|Brain and Nervous System – No detrimental effect on measures of cognitive function.||(Ando S, Hatamoto Y et al. 2013, Schega, Peter et al. 2013)|
|Metabolism – Beneficial effects on metabolism, including reduced body weight, cholesterol, and blood sugar levels, as well as increased insulin sensitivity.||(Netzer, Chytra et al. 2008, Mackenzie, Maxwell et al. 2011, Urdampilleta, Gonzalez-Muniesa et al. 2012, Fuller and Courtney 2016)|
|Metabolism – Improvements in metabolic markers are accompanied by improved cardiorespiratory function and improved exercise capacity.||(Shi, Watanabe et al. 2013)|
|Metabolism – A beneficial effect of moderate controlled hypoxia has been shown for a number of metabolic parameters associated with obesity including improved insulin sensitivity and glucose tolerance, and decreased cholesterol levels (Haufe, Wiesner et al. 2008) [6,7].||(Haufe, Wiesner et al. 2008)|
|Sleep Apnoea – Improved neuroplasticity of breathing control that in presence of normal CO2 mitigates sleep apnoea.||(Mateika and Syed 2013)|
|Sleep Apnoea – While obstructive sleep apnoea often leads to persistent, maladaptive chemoreflex-mediated activation of the sympathetic nervous system which culminates in hypertension, controlled IHT conditioning programs can be safe, efficacious modalities for prevention and treatment of hypertension. This article reviews outcomes of Soviet research and describes research on mechanisms.||(Serebrovskaya, Manukhina et al. 2008)|
|Oxygen – Improved blood oxygen transport capacity.||(Rodriguez FA, Casas H et al. 1999, Casas, Casas et al. 2000, Koistinen, Rusko et al. 2000, Lippi, Franchini et al. 2011)|
|Oxygen – Induced altitude acclimatisation.||(Casas, Casas et al. 2000, Billaut, Gore et al. 2012, Costa, Alva et al. 2013)|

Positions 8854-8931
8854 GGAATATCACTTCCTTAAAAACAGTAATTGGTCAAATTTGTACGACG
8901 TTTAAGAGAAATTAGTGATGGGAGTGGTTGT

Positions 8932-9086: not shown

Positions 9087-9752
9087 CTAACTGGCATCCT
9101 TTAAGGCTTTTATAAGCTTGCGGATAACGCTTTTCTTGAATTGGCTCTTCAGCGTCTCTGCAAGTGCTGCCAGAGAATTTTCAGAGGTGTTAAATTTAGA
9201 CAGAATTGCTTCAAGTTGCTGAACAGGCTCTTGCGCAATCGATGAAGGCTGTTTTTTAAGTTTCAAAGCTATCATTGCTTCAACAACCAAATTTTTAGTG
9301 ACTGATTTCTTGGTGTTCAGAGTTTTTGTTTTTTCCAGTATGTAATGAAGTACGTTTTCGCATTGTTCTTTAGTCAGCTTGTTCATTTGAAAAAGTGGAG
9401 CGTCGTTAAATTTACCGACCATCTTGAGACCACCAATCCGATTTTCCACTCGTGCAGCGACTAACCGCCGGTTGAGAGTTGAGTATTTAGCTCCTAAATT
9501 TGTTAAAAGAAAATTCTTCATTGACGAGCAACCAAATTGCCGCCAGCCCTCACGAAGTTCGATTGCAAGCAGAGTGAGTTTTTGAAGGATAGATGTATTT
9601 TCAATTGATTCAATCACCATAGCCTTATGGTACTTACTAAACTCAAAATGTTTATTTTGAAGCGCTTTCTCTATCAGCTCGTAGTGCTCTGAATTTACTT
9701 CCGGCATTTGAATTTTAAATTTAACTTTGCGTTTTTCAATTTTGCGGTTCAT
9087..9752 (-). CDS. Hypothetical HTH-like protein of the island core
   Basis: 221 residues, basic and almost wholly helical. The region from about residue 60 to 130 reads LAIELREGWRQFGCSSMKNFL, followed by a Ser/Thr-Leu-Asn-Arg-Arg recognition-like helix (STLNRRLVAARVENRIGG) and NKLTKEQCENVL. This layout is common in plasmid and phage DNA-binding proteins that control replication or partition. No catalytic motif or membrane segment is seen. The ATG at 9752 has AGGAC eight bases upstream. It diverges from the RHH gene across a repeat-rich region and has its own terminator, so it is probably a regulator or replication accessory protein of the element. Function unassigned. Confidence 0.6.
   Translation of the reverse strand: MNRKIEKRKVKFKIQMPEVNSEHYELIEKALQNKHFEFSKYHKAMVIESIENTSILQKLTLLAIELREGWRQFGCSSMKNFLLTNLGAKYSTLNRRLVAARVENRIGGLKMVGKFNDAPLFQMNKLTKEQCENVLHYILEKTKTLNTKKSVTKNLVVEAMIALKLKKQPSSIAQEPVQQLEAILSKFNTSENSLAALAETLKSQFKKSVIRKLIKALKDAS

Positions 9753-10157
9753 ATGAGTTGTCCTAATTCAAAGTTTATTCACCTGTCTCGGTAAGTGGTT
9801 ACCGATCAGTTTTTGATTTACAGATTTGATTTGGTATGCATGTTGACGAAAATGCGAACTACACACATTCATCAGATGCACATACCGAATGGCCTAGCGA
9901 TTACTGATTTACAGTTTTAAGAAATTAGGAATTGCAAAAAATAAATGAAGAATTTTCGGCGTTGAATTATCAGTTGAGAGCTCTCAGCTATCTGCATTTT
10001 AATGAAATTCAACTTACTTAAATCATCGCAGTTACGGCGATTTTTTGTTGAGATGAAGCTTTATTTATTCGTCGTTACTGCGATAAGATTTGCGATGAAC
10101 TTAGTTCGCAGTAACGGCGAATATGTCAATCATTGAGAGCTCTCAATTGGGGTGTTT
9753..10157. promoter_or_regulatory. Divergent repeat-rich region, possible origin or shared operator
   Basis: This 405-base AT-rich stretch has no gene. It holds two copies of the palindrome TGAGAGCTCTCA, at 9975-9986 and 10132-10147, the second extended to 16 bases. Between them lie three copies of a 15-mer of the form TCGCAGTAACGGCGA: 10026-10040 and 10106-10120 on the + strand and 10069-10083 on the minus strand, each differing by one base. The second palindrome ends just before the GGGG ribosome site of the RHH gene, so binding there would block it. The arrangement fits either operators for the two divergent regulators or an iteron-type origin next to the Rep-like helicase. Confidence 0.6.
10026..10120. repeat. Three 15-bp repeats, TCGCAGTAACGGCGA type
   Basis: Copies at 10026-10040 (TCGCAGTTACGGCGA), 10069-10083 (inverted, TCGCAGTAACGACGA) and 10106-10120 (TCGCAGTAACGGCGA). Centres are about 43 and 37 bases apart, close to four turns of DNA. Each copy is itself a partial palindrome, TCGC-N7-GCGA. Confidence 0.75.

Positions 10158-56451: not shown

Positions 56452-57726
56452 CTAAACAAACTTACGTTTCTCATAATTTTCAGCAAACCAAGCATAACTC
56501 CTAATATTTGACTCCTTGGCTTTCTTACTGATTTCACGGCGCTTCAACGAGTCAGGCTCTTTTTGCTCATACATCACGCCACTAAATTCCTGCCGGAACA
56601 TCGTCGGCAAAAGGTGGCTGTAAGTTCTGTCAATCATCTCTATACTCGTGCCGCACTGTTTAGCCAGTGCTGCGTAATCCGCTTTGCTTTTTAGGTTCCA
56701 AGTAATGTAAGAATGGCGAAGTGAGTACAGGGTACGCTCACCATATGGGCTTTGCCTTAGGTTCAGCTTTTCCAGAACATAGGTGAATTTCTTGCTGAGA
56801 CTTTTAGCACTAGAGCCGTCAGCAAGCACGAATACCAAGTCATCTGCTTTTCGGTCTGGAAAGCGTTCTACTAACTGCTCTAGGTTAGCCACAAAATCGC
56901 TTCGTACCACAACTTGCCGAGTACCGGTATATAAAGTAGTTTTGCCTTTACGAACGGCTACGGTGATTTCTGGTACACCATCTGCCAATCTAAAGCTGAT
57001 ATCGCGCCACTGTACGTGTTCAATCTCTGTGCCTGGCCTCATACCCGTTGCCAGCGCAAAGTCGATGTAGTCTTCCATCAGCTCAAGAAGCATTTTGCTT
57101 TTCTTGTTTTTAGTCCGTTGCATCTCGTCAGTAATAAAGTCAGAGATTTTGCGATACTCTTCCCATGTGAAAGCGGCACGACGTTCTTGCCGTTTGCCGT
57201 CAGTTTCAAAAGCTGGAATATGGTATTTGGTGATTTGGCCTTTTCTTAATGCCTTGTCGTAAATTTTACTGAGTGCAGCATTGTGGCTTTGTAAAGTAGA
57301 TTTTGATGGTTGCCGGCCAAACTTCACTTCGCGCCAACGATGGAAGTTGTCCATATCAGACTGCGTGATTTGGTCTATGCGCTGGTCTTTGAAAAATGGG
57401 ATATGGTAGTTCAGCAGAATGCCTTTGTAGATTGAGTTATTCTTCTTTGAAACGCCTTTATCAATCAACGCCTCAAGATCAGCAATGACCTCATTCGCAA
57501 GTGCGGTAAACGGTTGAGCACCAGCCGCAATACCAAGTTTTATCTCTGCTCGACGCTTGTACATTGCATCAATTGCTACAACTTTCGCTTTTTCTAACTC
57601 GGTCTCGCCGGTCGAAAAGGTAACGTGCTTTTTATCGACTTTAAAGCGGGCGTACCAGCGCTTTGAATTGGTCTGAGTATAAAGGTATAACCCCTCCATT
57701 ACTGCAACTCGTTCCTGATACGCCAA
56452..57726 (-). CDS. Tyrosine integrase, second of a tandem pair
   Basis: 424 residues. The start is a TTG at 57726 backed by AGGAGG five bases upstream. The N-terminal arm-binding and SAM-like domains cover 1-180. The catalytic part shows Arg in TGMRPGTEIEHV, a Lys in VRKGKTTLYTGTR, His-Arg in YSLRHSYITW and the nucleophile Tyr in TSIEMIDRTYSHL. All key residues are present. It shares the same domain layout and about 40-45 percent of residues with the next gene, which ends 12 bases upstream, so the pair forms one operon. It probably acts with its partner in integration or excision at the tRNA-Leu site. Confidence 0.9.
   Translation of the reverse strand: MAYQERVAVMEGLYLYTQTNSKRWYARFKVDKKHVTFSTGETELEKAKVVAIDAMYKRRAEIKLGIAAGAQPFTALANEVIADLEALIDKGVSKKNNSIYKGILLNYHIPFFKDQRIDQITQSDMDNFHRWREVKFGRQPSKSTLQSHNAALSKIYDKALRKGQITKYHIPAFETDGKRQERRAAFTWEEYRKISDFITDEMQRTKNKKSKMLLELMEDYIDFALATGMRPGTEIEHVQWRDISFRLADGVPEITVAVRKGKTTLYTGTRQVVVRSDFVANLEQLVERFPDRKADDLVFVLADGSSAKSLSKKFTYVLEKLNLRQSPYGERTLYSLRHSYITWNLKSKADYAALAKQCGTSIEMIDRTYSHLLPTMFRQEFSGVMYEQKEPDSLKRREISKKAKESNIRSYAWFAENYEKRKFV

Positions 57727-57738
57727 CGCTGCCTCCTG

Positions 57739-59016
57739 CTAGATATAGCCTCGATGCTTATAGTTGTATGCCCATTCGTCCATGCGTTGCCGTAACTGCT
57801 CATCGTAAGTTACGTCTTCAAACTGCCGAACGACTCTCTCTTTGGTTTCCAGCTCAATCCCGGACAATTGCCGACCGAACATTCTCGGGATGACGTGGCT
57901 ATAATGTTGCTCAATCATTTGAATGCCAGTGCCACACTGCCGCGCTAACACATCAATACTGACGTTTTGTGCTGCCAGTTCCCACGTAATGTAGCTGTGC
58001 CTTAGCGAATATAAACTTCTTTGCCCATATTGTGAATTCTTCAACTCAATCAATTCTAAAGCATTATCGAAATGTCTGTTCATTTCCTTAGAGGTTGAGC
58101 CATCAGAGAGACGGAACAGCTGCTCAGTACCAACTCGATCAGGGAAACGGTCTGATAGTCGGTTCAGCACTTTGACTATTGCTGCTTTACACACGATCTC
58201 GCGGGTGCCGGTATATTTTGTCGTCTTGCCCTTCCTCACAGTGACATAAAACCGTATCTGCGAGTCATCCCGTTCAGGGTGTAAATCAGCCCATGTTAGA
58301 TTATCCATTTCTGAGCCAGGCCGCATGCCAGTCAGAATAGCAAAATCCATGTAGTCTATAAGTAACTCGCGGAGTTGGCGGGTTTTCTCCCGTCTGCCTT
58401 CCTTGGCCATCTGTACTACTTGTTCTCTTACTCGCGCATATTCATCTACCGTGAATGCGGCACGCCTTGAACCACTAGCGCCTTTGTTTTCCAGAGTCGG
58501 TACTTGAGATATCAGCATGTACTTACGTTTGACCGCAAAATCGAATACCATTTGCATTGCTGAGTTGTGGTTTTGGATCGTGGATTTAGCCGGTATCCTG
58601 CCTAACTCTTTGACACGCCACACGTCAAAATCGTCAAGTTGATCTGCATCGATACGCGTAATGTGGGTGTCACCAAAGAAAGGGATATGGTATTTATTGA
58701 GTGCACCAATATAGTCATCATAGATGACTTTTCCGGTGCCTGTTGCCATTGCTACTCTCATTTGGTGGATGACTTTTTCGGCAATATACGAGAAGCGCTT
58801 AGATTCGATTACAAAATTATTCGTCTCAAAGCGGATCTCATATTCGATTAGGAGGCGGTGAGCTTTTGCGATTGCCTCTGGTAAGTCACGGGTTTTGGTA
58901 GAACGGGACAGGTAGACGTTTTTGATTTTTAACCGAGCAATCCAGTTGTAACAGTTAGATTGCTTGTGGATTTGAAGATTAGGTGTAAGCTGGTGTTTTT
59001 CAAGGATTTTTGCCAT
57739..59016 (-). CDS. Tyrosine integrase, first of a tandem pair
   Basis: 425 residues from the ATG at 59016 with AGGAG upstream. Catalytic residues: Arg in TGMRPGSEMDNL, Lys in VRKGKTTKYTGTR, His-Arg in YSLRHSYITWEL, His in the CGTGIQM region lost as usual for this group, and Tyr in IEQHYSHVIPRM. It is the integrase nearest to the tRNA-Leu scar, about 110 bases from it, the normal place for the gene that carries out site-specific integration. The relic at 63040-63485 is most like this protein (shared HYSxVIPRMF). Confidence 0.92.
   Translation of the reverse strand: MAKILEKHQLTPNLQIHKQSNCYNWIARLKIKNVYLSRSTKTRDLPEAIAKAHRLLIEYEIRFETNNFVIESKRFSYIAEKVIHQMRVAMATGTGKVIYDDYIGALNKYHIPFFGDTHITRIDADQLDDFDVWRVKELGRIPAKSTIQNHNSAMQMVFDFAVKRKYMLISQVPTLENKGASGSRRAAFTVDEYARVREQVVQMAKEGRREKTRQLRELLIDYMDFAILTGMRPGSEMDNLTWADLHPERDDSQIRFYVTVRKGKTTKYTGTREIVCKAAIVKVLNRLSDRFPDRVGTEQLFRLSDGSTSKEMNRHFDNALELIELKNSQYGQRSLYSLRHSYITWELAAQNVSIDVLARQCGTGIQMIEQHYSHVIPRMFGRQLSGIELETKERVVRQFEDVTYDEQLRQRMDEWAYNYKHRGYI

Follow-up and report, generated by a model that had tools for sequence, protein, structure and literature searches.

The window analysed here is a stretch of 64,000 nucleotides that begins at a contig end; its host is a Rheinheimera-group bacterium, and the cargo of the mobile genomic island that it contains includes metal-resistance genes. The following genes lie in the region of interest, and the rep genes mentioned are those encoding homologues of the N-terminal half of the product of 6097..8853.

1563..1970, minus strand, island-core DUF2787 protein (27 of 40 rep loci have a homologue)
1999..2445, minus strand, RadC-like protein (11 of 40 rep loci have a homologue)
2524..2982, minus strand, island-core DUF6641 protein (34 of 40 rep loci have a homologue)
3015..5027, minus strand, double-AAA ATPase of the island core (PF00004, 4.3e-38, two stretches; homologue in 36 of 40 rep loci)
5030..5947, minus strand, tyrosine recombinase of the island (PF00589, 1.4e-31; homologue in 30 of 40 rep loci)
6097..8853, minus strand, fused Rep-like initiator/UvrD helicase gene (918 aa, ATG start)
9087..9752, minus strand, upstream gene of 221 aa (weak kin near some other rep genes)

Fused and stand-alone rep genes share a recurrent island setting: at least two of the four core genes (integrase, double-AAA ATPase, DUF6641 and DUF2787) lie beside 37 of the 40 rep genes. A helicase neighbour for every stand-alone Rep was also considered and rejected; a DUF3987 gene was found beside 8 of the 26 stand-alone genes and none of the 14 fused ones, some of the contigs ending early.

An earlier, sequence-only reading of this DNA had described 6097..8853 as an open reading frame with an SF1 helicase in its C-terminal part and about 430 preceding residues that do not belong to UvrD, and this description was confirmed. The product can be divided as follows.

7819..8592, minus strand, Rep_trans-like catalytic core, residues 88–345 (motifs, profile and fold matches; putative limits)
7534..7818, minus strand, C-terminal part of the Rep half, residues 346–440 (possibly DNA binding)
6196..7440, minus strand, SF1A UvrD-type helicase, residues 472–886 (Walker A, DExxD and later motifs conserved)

|Physical Performance – Increase aerobic capacity/endurance/athletic performance.||(Rodriguez FA, Casas H et al. 1999, Casas, Casas et al. 2000, Costa, Alva et al. 2013)|
|Physical Performance – Induce a range of physiological adaptations that enhance fitness and athletic performance.||(Burtscher, Pachinger O et al. 2004)
(Bonetti and Hopkins 2009, Lippi, Franchini et al. 2011)(Bazzani 2007)
|Physical Performance – Improved energy efficiency, exercise capacity and various measures of performance.||(Czuba, Waskiewicz et al. 2011, Czuba, Zając et al. 2013, Czuba, Maszczyk et al. 2014)|
|Physical Performance – Age related – Fitness improvements can be greater in untrained older individuals with greater positive effects on hemodynamics, microvascular endothelial function, and work capacity.||(Shatilo, Korkushko et al. 2008).
|Physical Performance – Age related – Increase peak oxygen consumption and diminish heart rate, systolic blood pressure, blood lactate concentration and perceived exertion during submaximal exercise in 50–70 YO men. Changes in responses to exercise after IH were similar in subjects with and without prior myocardial infarction.||(Burtscher, Pachinger O et al. 2004).
For an assessment or to book an IHT course contact Rosalba here